Prevalence (%) of High On-Treatment Reactivity (Poor Clopidogrel Response) at PCI and at Day 14–30 in Rapid and Slow Metabolizer Groups

Time frame Rapid metabolizers, n=935 (%) Slow metabolizers, n=459 (%) p
At PCI 30.9 40.3 0.015
Day 14–30 9.7 22.7 <0.0001

There was poor concordance between patients' pharmacodynamic profiles (based on platelet function) and metabolizer profiles (based on genotype). "We were puzzled by this. You can see that among the slow metabolizers, there was still a very high proportion of good responders. [Among] rapid-metabolizer patients, there was still a high proportion of poor responders."

Good or Poor Concordance Between Genetic Metabolizer Profile and Pharmacodynamic Profile by Metabolizer Group

Concordance Rapid metabolizers, n=935 (%) Slow metabolizers, n=459 (%)
Good 69.1 40.3
Poor 30.9 59.7

Slow metabolizers also were more likely to have their clopidogrel dosage increased on day 14 to 30. "And at the last follow-up visit, these patients were more likely to be treated with prasugrel [Effient, Lilly/Daiichi-Sanyo]. This was expected, but as you can see, the difference is not so much."

Treatment Adjustments According to Predicted Metabolizer Phenotype

Treatment adjustment Rapid metabolizers, n=935 (%) Slow metabolizers, n=459 (%) p
Clopidogrel at day 14–30 39.1 50 0.013
Prasugrel at last visit 8.1 11.5 0.038

Among patients assigned to the monitoring group who were found to be clopidogrel nonresponders, 81.8% of the rapid metabolizers "had on-table clopidogrel reloading before stenting," Collet said. Also, 77.7% received glycoprotein IIb/IIIa inhibitors "to prevent pre-PCI MI," and 23.6% were receiving prasugrel at their last follow-up visit. These adjustments, he said, were just as prevalent among rapid and slow metabolizers who had been identified as poor clopidogrel responders.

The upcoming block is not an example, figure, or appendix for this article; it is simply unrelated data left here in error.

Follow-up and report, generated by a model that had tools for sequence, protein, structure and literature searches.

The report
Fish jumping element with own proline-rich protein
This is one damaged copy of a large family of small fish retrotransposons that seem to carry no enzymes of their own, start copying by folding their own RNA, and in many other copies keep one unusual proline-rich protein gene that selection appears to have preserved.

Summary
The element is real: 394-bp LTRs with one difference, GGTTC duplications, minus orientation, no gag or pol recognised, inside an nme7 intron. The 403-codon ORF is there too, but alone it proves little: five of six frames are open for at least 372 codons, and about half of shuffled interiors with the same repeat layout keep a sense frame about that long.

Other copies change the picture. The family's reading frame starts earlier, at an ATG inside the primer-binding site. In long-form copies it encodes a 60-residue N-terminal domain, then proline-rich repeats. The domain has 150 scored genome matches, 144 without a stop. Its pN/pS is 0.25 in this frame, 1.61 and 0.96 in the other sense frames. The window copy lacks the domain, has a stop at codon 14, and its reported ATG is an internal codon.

Rapid and slow metabolizers didn't differ significantly with respect to ischemic end points, including the primary end point and all of its components, nor were there differences in the key safety end points of major, minor, and major or minor bleeding.

The addition of genotyping to pharmacodynamics data obtained from the platelet-function tests, according to Collet, did not significantly improve their already-poor accuracy in predicting ischemic outcomes, "showing clearly that these tools are not very accurate in the setting of PCI in clopidogrel-treated patients."

According to ten Berg, ARCTIC-GENE underscores that many factors influence platelet reactivity; presumably controlling one or a few is unlikely to make a comprehensive difference to thrombotic risk. Still, he took exception to the ARCTIC-GENE investigators' conclusion that platelet monitoring and related genotyping won't improve outcomes. "We have to remember that this was not an interventional study. It was only an observational study. We would like to see a larger study in patients with slow metabolizers randomized to intensified antiplatelet therapy vs routine antiplatelet therapy," namely, clopidogrel.

Collet discloses receiving research grants to his center or fees for consulting or lectures from Abbott Vascular, AstraZeneca, Bayer, Boston Scientific, Cordis, Daiichi-Sankyo, Duke Cardiovascular Research Institute, Eli Lilly, Europa, GlaxoSmithKline, ICM, INSERM, Medtronic, Nanospheres, Sanofi, the Medicines Company, and the TIMI Group.